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Peik Larsen died July 23, 2014, in Belmont, Massachusetts. He was 42 years old.
As a father of young twins, Peik was fearless. He took them while his wife worked — and joyous, meandering adventures ensued. He and the four year olds would spend hours buying a cooking pan, researching a recipe, and making beef bourguignon.
Or the three of them would pack their fishing rods and bike along the Charles, prepared to catch nothing. When the boys got tired, Peik loaded their bikes into a carry-all behind his, and loaded the two of them into an attached trailer. Years of free-spirited life had readied him for this.
Peik had been 13 months old when nuns escorted him from a Da Nang orphanage in Vietnam to the United States. He weighed around 10 pounds; it was January; he had never felt winter before.
The Cambridge family he entered was large and enthused — eventually, it grew to 10 children. Their raising was an organizational feat, and the 12-person minivan had assigned seating. In some ways, Peik was their social heart: good-humored, grudge-less, unfazed and without anger (or even, for that matter, curiosity) about his difficult beginnings. Academically, he struggled, but with such charm and bebop comedic timing that teachers adored him. Every friend he made thought they were his best friend — and he thought so, too.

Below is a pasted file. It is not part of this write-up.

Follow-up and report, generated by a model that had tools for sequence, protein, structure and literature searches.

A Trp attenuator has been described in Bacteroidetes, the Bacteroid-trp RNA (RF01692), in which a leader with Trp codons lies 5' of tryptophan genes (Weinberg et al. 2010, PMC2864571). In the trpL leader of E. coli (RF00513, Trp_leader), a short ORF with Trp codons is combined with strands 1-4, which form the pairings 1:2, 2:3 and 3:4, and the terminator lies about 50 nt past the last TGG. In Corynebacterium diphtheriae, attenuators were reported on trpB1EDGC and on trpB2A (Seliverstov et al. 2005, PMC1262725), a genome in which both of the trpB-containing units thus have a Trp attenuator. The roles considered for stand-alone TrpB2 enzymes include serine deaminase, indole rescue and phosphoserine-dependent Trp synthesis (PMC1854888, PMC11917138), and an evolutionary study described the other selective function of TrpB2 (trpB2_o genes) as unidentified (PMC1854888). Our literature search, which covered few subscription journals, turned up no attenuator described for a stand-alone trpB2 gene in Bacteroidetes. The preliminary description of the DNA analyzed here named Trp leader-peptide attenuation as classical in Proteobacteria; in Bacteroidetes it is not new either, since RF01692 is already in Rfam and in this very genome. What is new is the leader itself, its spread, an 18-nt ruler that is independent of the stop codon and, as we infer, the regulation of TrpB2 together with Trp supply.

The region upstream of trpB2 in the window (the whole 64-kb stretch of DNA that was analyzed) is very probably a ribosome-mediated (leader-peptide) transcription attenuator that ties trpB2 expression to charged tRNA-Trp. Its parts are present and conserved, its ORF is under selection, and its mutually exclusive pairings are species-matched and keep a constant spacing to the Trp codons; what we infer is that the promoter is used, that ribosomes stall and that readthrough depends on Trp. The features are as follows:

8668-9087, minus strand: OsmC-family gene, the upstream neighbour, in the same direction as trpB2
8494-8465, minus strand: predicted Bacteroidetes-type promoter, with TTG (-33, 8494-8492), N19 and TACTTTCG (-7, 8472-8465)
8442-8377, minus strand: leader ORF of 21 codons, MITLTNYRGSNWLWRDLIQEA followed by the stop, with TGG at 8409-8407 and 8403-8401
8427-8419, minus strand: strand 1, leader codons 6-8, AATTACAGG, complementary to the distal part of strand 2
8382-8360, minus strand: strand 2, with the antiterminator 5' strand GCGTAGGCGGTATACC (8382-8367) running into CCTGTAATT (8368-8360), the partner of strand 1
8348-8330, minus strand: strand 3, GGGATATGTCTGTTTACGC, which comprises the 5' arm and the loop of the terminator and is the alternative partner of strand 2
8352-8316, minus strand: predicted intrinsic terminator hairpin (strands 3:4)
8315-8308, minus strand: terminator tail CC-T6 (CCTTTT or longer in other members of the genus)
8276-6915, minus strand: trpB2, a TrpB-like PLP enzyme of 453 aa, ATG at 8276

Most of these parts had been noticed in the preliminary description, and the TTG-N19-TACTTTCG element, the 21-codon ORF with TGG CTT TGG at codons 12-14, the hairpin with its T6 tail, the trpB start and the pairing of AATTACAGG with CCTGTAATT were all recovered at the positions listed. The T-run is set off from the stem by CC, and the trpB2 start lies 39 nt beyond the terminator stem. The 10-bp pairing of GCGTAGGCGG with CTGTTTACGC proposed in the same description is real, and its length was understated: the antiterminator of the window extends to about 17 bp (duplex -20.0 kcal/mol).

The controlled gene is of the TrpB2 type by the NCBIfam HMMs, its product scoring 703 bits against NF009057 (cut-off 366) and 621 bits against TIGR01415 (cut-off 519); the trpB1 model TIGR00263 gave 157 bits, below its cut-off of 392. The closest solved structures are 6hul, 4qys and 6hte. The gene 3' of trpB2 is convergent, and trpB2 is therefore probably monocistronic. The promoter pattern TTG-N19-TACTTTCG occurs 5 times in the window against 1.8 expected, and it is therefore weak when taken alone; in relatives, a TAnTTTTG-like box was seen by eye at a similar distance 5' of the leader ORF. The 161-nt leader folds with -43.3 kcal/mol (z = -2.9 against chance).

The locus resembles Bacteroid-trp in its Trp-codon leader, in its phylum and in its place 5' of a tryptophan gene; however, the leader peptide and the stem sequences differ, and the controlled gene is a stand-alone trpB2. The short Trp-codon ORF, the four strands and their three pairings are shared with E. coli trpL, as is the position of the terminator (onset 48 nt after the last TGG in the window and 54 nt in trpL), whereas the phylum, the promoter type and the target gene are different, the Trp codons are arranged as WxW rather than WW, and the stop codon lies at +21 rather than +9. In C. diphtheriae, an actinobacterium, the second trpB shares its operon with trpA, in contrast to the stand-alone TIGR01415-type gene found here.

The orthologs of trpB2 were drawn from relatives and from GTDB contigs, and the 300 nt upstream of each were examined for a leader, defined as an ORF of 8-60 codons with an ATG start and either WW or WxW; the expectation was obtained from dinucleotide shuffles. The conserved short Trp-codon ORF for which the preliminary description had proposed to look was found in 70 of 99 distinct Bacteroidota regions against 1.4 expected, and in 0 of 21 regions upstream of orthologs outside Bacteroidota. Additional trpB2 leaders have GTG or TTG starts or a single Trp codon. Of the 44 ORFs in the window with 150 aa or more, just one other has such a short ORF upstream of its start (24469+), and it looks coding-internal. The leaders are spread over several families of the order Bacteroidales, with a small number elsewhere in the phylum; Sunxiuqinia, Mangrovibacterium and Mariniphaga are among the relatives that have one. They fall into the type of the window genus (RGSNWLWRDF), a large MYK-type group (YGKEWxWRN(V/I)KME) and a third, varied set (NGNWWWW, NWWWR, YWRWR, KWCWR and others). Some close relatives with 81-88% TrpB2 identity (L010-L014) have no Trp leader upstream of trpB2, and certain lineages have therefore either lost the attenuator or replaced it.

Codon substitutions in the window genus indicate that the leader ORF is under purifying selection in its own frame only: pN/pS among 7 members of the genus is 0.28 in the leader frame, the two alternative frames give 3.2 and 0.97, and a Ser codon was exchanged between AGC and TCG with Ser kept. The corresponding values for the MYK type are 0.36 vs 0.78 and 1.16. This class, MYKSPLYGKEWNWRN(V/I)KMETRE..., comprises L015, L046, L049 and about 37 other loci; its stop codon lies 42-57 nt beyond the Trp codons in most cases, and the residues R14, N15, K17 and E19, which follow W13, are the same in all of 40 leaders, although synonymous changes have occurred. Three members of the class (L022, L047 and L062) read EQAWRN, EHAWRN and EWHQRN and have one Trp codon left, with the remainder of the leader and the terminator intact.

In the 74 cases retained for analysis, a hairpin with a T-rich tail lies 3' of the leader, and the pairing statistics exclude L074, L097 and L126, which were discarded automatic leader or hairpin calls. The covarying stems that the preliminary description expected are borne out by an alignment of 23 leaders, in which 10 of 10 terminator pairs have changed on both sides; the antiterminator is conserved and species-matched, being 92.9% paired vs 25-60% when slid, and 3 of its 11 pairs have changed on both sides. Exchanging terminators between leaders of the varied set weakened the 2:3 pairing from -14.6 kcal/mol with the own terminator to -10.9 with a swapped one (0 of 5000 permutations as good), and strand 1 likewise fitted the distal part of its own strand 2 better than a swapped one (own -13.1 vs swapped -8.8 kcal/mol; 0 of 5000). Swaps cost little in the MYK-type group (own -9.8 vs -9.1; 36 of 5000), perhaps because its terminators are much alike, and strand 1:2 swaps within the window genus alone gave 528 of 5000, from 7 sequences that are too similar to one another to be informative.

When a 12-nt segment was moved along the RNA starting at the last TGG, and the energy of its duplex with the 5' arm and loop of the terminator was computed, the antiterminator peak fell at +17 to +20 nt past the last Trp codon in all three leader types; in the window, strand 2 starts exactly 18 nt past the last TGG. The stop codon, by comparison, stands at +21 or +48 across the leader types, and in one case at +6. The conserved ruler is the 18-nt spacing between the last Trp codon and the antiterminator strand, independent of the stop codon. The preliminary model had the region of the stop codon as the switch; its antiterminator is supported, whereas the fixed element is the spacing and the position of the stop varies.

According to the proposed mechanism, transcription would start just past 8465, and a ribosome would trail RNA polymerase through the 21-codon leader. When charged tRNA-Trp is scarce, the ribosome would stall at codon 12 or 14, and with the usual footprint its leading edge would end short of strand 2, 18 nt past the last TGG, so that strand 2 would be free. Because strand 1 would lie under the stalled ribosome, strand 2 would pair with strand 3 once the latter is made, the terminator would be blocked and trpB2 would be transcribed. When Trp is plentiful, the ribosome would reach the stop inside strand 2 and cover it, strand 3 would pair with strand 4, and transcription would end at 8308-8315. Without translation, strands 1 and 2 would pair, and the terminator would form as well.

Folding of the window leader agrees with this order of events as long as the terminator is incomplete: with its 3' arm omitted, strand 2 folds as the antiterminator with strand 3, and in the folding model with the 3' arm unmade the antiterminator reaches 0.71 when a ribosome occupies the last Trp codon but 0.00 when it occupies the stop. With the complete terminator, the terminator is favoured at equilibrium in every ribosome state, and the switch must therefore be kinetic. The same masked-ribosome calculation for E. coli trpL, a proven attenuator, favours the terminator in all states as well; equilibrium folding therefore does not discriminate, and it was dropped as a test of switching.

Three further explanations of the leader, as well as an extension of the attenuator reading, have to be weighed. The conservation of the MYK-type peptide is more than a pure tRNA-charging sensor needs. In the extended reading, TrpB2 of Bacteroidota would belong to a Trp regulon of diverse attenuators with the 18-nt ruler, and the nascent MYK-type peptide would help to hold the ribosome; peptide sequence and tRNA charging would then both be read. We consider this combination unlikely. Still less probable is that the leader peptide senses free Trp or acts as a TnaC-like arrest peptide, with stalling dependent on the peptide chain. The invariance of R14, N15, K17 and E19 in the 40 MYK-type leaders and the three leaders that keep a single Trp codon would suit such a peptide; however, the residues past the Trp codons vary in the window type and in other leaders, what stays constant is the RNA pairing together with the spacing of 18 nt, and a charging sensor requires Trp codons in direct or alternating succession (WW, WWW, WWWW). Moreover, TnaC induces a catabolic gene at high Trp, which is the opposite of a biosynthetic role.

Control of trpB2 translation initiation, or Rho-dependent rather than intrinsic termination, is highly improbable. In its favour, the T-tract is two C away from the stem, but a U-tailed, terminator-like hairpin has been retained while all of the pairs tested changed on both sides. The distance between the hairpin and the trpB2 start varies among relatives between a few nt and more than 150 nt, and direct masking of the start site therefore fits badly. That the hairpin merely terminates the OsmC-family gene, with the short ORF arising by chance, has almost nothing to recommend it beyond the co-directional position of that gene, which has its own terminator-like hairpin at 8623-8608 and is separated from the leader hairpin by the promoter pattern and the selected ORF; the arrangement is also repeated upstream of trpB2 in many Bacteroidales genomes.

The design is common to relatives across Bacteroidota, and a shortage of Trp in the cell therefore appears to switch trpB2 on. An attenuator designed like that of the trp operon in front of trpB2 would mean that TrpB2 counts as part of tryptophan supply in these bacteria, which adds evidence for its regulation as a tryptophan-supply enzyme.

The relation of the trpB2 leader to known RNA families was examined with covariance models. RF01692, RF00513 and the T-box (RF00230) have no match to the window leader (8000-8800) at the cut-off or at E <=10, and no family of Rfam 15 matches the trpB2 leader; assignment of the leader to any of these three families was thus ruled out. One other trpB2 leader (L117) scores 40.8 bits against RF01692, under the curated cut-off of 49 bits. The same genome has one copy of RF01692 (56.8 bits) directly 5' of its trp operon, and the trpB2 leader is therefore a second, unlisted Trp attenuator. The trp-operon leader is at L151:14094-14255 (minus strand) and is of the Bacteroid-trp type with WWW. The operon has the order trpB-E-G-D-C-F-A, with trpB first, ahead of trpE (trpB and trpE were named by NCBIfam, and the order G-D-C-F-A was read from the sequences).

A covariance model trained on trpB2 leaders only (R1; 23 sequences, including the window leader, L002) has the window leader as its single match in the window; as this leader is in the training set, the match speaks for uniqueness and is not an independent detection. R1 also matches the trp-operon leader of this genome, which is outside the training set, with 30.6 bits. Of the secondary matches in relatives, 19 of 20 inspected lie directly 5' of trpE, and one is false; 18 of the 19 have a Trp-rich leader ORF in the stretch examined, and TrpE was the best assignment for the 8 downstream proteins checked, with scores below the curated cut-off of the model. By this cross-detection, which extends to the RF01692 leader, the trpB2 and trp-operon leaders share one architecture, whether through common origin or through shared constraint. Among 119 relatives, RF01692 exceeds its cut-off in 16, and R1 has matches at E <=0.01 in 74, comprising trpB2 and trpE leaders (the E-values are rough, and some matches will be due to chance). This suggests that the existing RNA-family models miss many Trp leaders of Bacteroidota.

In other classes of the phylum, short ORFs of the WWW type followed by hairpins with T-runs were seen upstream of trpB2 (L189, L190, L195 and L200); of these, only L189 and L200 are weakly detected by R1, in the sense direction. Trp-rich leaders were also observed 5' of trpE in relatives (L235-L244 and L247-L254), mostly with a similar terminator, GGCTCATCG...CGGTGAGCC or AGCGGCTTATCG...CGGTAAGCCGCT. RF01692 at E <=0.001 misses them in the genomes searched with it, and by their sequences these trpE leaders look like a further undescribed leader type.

College didn’t work the first time, so Peik hopped a train to Seattle, pausing in Spokane to live in a homeless mission and run the food pantry there. He worked for a few years on an Alaskan fishing boat, found his way to the Bay Area, and coached gymnastics, which he'd learned growing up. Even though he'd had multiple leg surgeries from a post-polio syndrome, he could still do backflips into his twenties. This was the free-spirited life.
But he was missing something — cruising on charm and humor, yet essentially solitary. He was back in Boston, working for Jet Blue airline, when he met his wife. In wonderful, small-world fashion, she had grown up around the corner from him.
The twins followed rapidly after their marriage, and Peik was all hands on: a fearless diaperer, and organizer of the family clock. That Jet Blue job had been perfect for someone slavish about time. “We’re leaving in 23 minutes,” he would warn. “We’re seven minutes from departure. We’re about to deplane.”
In the midst of diapers and bottles, he’d also returned to college. He knew finally, in his forties, that he wanted to work with children, and was about to begin teaching 6th grade — in the same school where he had once been a restless student.
Death was mysterious and abrupt; a rare sepsis, finished in hours. His wife doesn’t plan to commemorate the day he died. Instead, she’ll commemorate the day before. Peik had returned from a fishing trip with buddies; it was afternoon, and she was dozing with the twins in bed, newly pregnant again. He was sun-kissed, covered with the smell of his catches, absolutely in need of a shower. But first, he climbed into bed with them, and they were tender all together.
Did you know Peik Larsen? Share your memories in the comments section.
This segment aired on August 26, 2015.
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